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Causes of Cirrhosis

Alcoholic Liver Disease
Up to 70 percent of people with cirrhosis of the liver develop it because of chronic alcoholism. Alcoholic cirrhosis usually develops after more than a decade of heavy drinking. The amount of alcohol that can injure the liver varies greatly from person to person. In women, as few as two to three drinks per day have been linked with cirrhosis; and in men, as few as three to four drinks per day have been linked with developing the disease. Alcohol seems to injure the liver by blocking the normal metabolism of protein, fats, and carbohydrates.
Chronic Hepatitis B
Hepatitis B is another type of viral hepatitis. It is caused by the hepatitis B virus (HBV). Similar to hepatitis C, when a person is infected with HBV, the body may be able to effectively kill the virus. However, in a number of situations, the body cannot kill the hepatitis B virus and chronic hepatitis B develops. Over several decades, chronic hepatitis B may lead to cirrhosis.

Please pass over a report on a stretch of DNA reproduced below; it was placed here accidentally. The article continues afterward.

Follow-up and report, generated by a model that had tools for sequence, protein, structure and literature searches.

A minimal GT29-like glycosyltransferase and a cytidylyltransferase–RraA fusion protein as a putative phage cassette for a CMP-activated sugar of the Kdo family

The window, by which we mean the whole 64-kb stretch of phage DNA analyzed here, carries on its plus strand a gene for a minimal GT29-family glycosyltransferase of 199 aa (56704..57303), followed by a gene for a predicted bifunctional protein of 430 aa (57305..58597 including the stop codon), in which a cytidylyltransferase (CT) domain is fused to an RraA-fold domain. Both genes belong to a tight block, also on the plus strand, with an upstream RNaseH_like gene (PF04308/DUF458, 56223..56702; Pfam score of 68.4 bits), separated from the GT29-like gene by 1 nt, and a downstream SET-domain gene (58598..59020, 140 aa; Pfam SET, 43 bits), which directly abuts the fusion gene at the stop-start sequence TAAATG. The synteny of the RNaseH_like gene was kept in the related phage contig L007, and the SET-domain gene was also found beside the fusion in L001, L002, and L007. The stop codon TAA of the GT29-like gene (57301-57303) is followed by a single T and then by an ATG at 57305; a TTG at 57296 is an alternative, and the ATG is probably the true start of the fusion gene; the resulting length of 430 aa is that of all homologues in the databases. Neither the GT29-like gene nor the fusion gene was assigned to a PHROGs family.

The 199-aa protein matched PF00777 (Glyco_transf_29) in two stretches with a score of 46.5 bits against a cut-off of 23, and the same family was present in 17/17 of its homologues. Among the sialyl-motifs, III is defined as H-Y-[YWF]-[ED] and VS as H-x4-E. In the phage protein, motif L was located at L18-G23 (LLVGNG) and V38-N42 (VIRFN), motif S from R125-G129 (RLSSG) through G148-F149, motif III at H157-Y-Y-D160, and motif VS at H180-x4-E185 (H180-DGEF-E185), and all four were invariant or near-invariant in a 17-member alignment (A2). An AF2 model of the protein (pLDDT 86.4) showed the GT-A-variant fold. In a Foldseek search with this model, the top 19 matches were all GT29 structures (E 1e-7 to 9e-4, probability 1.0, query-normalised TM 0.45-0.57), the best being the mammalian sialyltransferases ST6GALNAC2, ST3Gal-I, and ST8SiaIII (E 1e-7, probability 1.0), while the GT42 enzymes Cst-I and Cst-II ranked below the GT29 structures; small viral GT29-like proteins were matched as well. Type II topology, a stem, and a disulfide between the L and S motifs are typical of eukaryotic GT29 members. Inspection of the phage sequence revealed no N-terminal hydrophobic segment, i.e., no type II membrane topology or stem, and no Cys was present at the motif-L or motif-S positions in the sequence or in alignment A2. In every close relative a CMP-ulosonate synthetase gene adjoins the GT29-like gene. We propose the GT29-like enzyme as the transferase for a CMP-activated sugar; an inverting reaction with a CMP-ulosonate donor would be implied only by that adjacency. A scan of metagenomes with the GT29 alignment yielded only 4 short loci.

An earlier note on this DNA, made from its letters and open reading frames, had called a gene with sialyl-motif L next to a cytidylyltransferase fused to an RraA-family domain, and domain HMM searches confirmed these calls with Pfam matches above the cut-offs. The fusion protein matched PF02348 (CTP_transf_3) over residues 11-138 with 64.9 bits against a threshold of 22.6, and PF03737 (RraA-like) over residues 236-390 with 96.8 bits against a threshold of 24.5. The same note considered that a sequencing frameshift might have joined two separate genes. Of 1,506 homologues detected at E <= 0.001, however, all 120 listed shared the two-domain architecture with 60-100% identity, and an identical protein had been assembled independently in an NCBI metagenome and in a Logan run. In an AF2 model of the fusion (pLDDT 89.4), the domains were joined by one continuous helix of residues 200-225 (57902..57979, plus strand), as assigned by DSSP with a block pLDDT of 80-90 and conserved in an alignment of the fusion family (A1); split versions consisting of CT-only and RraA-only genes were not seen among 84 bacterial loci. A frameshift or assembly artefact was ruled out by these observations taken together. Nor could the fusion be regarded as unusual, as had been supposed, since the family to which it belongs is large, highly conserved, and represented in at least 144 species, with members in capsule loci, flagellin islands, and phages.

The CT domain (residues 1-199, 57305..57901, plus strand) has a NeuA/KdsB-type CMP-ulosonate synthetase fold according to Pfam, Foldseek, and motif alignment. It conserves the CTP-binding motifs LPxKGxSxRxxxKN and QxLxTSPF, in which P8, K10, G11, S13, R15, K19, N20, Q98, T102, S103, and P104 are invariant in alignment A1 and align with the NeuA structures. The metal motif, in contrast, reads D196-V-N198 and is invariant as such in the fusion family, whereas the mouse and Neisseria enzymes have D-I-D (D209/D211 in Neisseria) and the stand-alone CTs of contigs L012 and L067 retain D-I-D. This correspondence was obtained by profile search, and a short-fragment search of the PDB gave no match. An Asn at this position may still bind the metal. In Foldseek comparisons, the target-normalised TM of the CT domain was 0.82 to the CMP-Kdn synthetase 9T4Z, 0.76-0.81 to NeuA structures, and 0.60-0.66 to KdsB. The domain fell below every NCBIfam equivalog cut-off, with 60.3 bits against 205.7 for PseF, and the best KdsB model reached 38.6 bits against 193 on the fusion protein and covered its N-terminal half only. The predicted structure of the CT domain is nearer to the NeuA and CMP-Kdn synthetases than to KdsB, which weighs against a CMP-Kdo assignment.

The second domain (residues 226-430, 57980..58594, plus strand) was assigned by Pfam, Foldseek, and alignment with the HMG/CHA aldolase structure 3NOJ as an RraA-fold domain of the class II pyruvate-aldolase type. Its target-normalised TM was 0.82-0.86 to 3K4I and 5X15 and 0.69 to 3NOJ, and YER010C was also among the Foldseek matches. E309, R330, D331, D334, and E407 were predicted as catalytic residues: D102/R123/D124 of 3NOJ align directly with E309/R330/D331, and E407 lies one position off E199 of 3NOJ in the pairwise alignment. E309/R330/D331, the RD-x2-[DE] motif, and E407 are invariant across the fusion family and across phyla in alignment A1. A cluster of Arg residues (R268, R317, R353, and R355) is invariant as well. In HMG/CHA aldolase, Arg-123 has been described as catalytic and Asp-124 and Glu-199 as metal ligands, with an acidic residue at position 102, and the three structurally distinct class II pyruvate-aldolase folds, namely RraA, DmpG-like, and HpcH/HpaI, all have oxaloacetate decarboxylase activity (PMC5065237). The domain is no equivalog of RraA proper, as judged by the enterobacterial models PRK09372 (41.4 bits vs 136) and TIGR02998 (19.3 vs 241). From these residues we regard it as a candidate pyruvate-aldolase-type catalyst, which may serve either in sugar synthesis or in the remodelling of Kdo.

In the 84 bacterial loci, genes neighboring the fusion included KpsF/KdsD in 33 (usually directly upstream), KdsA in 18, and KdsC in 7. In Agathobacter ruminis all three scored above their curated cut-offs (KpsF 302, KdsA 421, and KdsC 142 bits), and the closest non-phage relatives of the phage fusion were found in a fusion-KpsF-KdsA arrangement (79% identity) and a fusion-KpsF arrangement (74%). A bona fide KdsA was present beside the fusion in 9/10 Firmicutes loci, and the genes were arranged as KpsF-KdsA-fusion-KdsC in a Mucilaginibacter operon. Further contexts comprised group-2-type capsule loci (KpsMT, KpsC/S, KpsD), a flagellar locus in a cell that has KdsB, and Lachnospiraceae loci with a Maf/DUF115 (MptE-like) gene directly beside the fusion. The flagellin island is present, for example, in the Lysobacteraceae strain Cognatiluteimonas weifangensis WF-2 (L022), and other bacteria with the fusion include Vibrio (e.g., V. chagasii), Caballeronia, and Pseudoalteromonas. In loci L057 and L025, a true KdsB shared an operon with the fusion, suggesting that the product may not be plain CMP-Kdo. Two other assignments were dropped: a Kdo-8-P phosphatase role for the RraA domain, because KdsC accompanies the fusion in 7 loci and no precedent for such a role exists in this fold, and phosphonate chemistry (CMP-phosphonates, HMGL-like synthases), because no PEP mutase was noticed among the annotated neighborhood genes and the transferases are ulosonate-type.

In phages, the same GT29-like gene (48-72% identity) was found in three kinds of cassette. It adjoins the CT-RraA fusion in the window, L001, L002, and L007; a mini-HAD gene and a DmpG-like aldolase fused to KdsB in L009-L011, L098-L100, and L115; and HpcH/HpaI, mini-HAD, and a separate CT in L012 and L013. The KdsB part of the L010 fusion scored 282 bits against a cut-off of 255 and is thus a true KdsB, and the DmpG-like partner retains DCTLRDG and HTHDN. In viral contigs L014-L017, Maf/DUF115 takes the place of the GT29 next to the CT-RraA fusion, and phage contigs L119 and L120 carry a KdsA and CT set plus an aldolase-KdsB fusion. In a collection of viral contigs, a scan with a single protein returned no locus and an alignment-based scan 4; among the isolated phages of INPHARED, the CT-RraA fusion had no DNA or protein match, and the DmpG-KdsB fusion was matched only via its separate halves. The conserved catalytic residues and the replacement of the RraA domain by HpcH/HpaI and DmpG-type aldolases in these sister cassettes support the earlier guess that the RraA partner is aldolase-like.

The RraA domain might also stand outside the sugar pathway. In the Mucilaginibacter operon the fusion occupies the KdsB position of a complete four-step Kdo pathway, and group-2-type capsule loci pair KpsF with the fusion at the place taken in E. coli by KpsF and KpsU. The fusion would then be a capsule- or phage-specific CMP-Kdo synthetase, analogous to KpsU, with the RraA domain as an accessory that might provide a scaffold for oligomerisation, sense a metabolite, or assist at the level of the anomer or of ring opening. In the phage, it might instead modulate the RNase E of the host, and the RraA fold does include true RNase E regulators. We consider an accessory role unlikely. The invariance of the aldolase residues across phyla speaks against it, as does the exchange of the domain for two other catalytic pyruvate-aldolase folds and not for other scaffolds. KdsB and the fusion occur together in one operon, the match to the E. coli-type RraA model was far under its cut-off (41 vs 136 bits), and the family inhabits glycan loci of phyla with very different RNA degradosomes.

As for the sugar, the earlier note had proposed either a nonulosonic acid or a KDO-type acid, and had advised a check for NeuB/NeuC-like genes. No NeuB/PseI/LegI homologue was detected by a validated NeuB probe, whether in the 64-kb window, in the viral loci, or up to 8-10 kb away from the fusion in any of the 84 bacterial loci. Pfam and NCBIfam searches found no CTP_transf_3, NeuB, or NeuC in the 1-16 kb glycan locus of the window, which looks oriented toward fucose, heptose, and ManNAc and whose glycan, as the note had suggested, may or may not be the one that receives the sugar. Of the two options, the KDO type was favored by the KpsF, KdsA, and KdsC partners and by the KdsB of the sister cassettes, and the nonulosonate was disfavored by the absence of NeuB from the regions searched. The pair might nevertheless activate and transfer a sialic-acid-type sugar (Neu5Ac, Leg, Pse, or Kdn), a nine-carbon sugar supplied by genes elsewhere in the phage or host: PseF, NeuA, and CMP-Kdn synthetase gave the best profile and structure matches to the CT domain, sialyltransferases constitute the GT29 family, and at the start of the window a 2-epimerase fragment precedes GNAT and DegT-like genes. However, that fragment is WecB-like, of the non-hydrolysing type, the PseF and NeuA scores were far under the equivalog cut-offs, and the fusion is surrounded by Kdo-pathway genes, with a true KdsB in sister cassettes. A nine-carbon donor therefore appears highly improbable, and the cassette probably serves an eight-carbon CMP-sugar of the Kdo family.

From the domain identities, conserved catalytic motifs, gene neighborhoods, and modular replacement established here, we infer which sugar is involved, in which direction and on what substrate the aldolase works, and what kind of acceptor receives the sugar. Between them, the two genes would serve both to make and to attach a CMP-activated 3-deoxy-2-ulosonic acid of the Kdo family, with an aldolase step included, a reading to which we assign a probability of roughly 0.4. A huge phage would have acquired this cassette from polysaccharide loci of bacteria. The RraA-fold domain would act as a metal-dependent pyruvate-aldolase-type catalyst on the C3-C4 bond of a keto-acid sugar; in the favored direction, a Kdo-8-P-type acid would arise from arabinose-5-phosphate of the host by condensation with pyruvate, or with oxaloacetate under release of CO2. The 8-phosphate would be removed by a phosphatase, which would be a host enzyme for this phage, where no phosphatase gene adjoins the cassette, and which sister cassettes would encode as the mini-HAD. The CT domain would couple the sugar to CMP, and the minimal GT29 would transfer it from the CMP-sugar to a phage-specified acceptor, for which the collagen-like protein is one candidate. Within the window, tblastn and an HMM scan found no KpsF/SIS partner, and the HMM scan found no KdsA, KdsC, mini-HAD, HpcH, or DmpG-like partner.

The hepatitis B virus is probably the most common cause of cirrhosis worldwide, but it is less common in the United States and the Western world.
Hepatitis D
Hepatitis D is a third type of viral hepatitis that can cause cirrhosis. The hepatitis D virus is different from other types of viral hepatitis because, in order to multiply, the hepatitis B virus must also be present.
Autoimmune Hepatitis
Autoimmune hepatitis is a form of liver inflammation. It occurs when the body's immune system attacks its own liver cells. Autoimmune hepatitis is usually quite serious and can get worse over time if not treated. Although scientists do not know the cause or causes of autoimmune hepatitis, they speculate that certain bacteria, viruses, toxins, and drugs may trigger the disease in people who are genetically susceptible to it.

Cirrhosis of the Liver

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